Fitz Frames Delivers First Glasses to Area Kids
YOUNGSTOWN, Ohio – Emalie Esmail, Kasey Kelly and Maximo Fred are the first kids on the block – indeed, the entire Mahoning Valley – to own a pair of Fitz Frames eyeglasses.
The company, which manufactures children’s eyeglass frames through 3D printing, delivered its first three frames to local customers less than two weeks after announcing its new operation at the Youngstown Business Incubator’s Tech Block Building No. 5.
“I thought they were really cool, especially how they’re made,” Emalie Esmail said of her new gray eyewear – a pair she selected from a companion app designed by Fitz Frames. “They made the app so you can choose the style and you can try them on” through a virtual process.
Fitz Frames, based in Los Angeles, announced July 7 that it would be manufacturing its eyeglass frames from the YBI.
Heidi Hertel, founder of the company, said the idea for the business came from her own experience consistently replacing eyewear for her kids. “I found out the every time it was time to shop for glasses, it was really a disappointing experience,” she said. “We just couldn’t find what we needed.”
Hertel’s solution was to manufacture eyeglass frames that provide the perfect fit for the customer at a reasonable price. “When you shop for glasses, you end up compromising on one of four things: the fit, the style, the size or the price,” she said. “I wanted to come up with a solution that would be easy to shop for glasses, fun for parents and kids, and have a more accurate fit.”
Instead of traditional hinges that connect the temples with the rims, Fitz Frames has designed a ball and socket joint that kids can replace on their own.
There are about 5,400 on the waiting list for the company’s glasses, she said. “It’s been a great response.”
Hertel acknowledged that she didn’t know much about 3D printing before she came to Youngstown. “Additive manufacturing has been a godsend,” she said. “It was important for us to make the product in the U.S. and this is the only way we could do it.”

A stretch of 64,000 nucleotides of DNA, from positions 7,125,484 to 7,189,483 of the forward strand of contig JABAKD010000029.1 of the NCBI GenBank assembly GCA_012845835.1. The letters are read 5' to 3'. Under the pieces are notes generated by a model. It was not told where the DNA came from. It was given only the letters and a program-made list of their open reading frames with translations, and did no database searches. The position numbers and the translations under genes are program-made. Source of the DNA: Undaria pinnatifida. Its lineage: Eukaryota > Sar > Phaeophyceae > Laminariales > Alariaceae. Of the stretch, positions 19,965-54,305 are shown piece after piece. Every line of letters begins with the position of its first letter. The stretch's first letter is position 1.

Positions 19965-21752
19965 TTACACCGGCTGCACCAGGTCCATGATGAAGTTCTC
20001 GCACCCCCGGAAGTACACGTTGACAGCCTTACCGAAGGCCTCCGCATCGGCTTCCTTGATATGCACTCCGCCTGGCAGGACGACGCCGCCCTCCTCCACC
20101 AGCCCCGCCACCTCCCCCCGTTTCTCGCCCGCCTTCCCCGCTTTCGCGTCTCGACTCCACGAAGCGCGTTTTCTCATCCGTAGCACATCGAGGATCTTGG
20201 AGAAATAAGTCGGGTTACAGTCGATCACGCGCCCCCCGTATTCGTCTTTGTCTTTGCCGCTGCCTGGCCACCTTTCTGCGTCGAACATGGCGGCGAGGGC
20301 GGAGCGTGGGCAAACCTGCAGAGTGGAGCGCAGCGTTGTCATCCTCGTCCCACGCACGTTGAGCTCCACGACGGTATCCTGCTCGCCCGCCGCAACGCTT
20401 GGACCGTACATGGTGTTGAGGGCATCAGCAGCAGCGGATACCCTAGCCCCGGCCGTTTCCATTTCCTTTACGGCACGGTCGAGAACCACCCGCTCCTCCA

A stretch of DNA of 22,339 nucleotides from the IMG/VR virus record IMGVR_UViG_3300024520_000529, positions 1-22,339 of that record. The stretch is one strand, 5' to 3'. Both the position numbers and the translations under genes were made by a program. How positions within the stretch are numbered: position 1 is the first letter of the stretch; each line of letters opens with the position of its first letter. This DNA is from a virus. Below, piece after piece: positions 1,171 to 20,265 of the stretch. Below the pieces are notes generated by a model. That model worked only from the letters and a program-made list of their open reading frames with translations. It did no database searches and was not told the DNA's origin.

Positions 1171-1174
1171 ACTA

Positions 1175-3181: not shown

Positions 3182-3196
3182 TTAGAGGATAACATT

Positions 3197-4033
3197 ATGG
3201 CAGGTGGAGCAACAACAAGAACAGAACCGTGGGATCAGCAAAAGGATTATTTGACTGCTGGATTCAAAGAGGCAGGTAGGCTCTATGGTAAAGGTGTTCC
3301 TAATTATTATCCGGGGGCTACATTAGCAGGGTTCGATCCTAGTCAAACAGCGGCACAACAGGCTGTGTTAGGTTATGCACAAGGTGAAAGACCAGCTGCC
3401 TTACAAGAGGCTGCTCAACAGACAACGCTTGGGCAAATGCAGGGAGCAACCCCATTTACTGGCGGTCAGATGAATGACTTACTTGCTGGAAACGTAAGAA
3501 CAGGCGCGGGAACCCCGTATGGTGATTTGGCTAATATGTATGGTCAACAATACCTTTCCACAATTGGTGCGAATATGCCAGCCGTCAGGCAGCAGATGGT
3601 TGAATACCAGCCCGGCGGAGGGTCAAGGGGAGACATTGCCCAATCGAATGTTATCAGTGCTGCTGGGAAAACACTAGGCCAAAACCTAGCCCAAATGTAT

She noted Youngstown and the YBI were a perfect fit because of their dedication and expertise with additive manufacturing. Their lens supplier, Classic Optical Laboratories in Liberty Township, first made Hertel aware of the YBI and Youngstown. Classic Optical provides lenses for Vision to Learn, a California nonprofit that provides free eye exams and glasses to children. Hertel is on the organization’s advisory board.
“We lucked into Youngstown,” said co-CEO Gabriel Schlumberger.
The company hosted an open house and tour of the operations on Wednesday, showcasing the first customers in the Mahoning Valley. It was the first public look at Fitz Frames’ additive manufacturing operation, now underway on the building’s ground floor. Two 3D printing machines are presently being used, while there are plans to add more, he said.
“We’re fully making glasses now at launch capacity,” he said.
While 3D printing is typically used for prototyping, it is rarely used for actual manufacturing, especially in large quantities, Schlumberger says. However, Fitz Frames believes it has the right business model to balance customization and volume.
“There are no two frames alike,” Schlumberger said.
Customers are able to use the company’s app to select the type of frame and color they desire. At the same time, the app uses facial mapping technology to digitally create a pair of eyeglass frames that are specifically fitted for the individual. Orders are made through the app.
The glasses are made of nylon polymer material and are more durable than traditional frames, he said. The digital file from the app is transmitted to the Youngstown operation where the information is fed into a 3D printer. The printer reads the build file and then creates the rough frames with the nylon polymer material through a sintering process.
Eyeglass frames are then finished at several stations, the first of which is a blasting process that uses glass beads to clean off any excess dust or material off the frame. They are then placed into a “vibra-tumbler” – a vibrating cauldron that is filled with what looks like small white pebbles. This process helps smooth out the frames.
The frames are then placed into a second tumbler and churned for several hours in order to polish them. The frames are then transported to a dye machine, which adds color to the product.
“We have seven different colors and white,” Schlumberger said.
Additive manufacturing technology, as well as mobile app technology, have matured to a point where this business model is viable, Schlumberger said.
“You couldn’t have built this company even two years ago,” he said. “And we wouldn’t be here if it wasn’t for Youngstown and the YBI.”
Pictured: Fitz Frames co-CEO Gabriel Schlumberger and founder Heidi Hertel delivered the company’s first 3D printed glasses to local kids Emalie Esmail, Kasey Kelly and Maximo Fred.
Copyright 2024 The Business Journal, Youngstown, Ohio.